In winter, the east wind together with ice snow forms the so-called Arbermandl. The mountain pines and mountain spruces of the Great Arber freeze into bizarre and often comical-looking shapes. Cameraman Martin Lippl made a film about it in 1985. The recordings were made somewhat accidentally during a short break of sunshine during a blizzard. Elfie Pertramer later underscored these recordings with a mystical poem. Under the title Voices from the Magic Forest the film will be broadcast at the beginning of each year on Bavarian television in the programme Zwischen Spessart und Karwendel.


Since the 19th century, the Großer Arber and the extended woodlands down to Bayerisch Eisenstein with several former forest glassworks were owned by the princely House of Hohenzollern-Sigmaringen. They procured the estate of the master glassworker, Hafenbrädl, in Böhmisch Eisenstein, later Markt Eisenstein, today Železná Ruda, and, in 1872, the estates in Bayerisch Eisenstein. In 1884, a wooden mountain hut was built by the Bavarian Forest Club. In 1903, the first hut was built on the summit. The current shingle-covered one was built in 1936 and extended in 1985.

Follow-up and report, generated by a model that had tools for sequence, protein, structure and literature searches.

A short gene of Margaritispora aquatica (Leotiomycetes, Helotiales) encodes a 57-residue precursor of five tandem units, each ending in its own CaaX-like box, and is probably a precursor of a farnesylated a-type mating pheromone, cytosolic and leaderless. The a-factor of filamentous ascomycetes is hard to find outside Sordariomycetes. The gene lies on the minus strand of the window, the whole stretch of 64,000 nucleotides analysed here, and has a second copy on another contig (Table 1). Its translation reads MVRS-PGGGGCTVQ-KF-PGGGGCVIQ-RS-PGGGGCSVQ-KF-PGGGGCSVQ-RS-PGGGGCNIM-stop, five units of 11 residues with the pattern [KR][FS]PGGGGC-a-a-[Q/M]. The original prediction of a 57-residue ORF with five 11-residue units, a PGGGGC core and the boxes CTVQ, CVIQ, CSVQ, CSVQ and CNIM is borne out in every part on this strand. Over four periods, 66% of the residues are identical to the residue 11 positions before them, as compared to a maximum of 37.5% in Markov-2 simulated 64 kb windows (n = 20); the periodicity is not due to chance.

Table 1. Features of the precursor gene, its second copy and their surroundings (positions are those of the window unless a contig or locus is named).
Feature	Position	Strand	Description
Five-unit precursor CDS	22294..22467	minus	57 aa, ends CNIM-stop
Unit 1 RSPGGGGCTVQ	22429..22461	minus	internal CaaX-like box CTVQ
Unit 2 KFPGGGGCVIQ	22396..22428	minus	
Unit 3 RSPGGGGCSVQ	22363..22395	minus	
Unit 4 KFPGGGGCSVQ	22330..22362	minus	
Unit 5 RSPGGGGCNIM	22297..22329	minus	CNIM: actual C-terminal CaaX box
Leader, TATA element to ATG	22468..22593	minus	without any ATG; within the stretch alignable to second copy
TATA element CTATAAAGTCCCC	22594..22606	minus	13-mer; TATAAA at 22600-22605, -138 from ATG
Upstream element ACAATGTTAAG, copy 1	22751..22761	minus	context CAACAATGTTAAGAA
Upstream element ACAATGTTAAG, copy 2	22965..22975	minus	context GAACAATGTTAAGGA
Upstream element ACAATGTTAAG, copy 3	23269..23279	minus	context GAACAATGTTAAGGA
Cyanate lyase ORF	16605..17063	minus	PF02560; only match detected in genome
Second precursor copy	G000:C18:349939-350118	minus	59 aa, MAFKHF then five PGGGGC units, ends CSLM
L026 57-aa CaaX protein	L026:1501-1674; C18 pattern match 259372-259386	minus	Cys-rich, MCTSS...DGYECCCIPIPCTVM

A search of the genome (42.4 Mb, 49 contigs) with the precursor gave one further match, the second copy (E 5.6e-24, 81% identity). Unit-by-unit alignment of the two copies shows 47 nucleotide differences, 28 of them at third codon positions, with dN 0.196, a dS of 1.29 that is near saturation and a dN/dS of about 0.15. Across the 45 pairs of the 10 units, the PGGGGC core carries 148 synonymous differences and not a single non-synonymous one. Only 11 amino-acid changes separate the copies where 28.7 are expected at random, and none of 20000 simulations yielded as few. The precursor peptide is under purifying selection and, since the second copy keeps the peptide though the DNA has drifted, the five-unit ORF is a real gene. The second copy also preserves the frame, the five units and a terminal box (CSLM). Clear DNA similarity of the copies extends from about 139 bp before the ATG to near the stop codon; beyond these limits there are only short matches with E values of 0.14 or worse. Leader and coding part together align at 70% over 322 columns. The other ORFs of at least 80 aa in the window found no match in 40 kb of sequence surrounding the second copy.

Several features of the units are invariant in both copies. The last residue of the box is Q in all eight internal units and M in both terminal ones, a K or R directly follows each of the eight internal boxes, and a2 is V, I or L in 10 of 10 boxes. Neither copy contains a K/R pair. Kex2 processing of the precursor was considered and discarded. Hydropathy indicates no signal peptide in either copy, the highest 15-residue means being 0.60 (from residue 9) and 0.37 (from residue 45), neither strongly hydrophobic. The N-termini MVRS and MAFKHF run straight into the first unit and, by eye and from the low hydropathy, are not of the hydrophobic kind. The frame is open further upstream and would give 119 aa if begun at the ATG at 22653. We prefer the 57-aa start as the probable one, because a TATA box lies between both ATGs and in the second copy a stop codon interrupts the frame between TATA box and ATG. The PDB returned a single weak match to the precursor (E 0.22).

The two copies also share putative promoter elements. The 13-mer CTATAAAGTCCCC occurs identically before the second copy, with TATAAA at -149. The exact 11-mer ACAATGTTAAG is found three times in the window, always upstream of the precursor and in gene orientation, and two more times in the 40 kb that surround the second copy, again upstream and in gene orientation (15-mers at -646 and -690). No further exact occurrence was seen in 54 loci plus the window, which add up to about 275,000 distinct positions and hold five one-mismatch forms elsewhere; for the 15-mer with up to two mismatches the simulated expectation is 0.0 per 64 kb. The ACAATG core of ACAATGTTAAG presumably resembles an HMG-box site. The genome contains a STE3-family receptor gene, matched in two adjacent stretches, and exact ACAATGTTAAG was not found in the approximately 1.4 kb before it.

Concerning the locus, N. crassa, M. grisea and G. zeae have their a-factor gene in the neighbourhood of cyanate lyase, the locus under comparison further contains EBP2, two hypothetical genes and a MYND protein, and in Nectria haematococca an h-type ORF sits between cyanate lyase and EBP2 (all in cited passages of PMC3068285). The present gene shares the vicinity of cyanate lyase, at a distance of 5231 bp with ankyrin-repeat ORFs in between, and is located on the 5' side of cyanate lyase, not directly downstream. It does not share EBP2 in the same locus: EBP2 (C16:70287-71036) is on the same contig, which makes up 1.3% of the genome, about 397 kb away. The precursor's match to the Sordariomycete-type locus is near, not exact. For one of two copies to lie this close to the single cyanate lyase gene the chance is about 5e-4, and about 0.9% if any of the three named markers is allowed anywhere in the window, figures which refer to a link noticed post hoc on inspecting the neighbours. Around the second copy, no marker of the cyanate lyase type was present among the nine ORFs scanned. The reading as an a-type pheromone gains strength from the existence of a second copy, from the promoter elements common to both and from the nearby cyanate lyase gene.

As early as 1939, large parts of the area were put under protection, in order to save its uniqueness. During the Cold War, a military radar station was built at the top which is still in operation albeit at reduced level - see below.

View from the summit looking south
View from the summit looking north

Arber Chapel and Arber parish fairEdit

Arber Chapel

A little to the northwest and a few metres below the summit of the Great Arber stands the little Arber chapel dedicated to Saint Bartholomew the Apostle. The first chapel there was built in 1806 by the glassworks owner, Baron von Hafenbrädl. Since then the building has been renovated four times; the present one was built in 2015.[5]